Wednesday, August 27, 2014

A Pressing Matter

Yes, that's a very corny title, I know. I've been intrigued by the idea of using a press iron ever since I saw one on the website from the shop where I ended up buying Phoebe. The really pretty fancy-dancy red one shown in that video is the one in the pic from my sewing machine store but they don't actually carry that model. Just as well because I believe it runs for around $1,200. The model they do carry is "marked down" to $600, although a quick internet search has it showing up from a number of U.S. retailers for $400. But once I add the Cdn conversion, shipping and duty charges there's not much of a difference in price.

My mom has an old cast iron model that she lent me to see if it is something I really want to get. I did struggle with getting the "perfect" press I wanted out of her press, but I think that is party due to not being able to press hard enough on hers and partly due to a lack of experience on my part. Which still left me with the dilema of whether to fork out a rather large sum of money for something I still wasn't sure I wanted or needed. Enter Ebay.


You are looking at an Elnapress 2000, vintage unknown. (That is the Ebay pic, and therefore not my ugly shag carpeting lol) From what I can find out online the Elna's seem to be the best on the market. With a pull of a handle they apply 100lbs of pressure. My "local" dealer (2 hour drive away) is getting rid of the Elna line and only has one left in stock. It is the lowest model with no steam or any other extras. I got the impression the lack of steam is why he is no longer carrying them. He is the one who said that the sexy red top-of-the-line machine is about $1,200. He is replacing them with the "Reliable" brand which does have steam and also has a bigger bed for the same price as the Elna. I initially thought this was the way to go (the bigger bed would be a very nice feature) but then I've read a lot of people talking about the steam hole "witness marks" left on the fabric from machines with built-in steam, even when using them dry. This makes sense to me because this happens with a standard steam iron if you don't move it around. So rather than built-in steam you just use a spray bottle. Also I can't find anything in the Reliable literature that speaks to pounds of pressure. I suspect it is one where you just hold the handle down and that's a hard as you can press it. So the Elna really seems like the way to go after all.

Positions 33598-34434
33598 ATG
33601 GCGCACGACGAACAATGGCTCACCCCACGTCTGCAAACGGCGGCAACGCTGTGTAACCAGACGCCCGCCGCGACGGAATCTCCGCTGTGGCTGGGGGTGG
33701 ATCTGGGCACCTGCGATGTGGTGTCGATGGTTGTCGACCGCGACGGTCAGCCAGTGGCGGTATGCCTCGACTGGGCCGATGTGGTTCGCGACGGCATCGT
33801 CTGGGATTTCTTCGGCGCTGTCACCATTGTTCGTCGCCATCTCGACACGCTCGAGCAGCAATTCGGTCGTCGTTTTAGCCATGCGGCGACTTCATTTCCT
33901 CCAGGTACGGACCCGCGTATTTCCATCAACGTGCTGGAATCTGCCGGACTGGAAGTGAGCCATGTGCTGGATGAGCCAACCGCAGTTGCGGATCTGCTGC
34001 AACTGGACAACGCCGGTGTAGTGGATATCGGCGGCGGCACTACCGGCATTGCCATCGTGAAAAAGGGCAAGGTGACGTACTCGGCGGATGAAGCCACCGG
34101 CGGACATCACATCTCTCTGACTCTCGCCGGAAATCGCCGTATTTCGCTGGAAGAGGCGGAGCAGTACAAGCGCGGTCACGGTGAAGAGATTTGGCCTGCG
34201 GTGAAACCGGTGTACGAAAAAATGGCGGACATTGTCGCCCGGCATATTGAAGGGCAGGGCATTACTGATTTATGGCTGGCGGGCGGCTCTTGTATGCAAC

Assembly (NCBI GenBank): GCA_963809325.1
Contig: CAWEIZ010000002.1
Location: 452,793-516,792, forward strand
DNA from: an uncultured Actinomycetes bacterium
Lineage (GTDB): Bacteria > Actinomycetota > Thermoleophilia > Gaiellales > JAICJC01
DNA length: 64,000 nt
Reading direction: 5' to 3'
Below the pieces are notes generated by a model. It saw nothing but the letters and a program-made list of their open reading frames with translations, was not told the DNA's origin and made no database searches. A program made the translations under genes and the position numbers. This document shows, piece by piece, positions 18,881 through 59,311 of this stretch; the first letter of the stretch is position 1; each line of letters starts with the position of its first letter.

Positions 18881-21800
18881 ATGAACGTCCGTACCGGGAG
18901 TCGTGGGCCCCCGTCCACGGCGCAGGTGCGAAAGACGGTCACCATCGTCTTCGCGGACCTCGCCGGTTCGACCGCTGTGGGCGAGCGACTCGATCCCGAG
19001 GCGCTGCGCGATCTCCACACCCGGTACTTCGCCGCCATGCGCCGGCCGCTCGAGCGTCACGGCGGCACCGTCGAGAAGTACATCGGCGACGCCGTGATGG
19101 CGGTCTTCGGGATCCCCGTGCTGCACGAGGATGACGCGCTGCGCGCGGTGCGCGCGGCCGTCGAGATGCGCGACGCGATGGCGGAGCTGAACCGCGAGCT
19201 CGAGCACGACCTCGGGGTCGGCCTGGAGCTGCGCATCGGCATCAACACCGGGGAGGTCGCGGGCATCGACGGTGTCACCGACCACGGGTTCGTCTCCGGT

The Elnapress 2000 is a higher-end machine. It even has the built-in sleeve board, currently only available on the high-end presses. The Ebay ad said that they plugged it in and it got "very hot", so hopefully it works for me. This also makes me think it came from an estate sale or something. If it does work then I saved myself at least $500 which makes the cheap bastard in me VERY happy. I really want to try it for all of my ironing, but for the price I paid, even if I only end up using it for interfacing and pressing napkins I'm good to go. For what it's worth I use perfectly pressed napkins daily in my fantasy life (but not so much in my real life).


The tag shows it is made in Switzerland, which is what you want it to say.  I don't have any way of understanding the code, but I do wonder if the "1984" in the I.D. number is the production year. With any luck this will be a unit previously owned and lovingly cared for by someone who took care of their things. I am always the optimist!

No comments: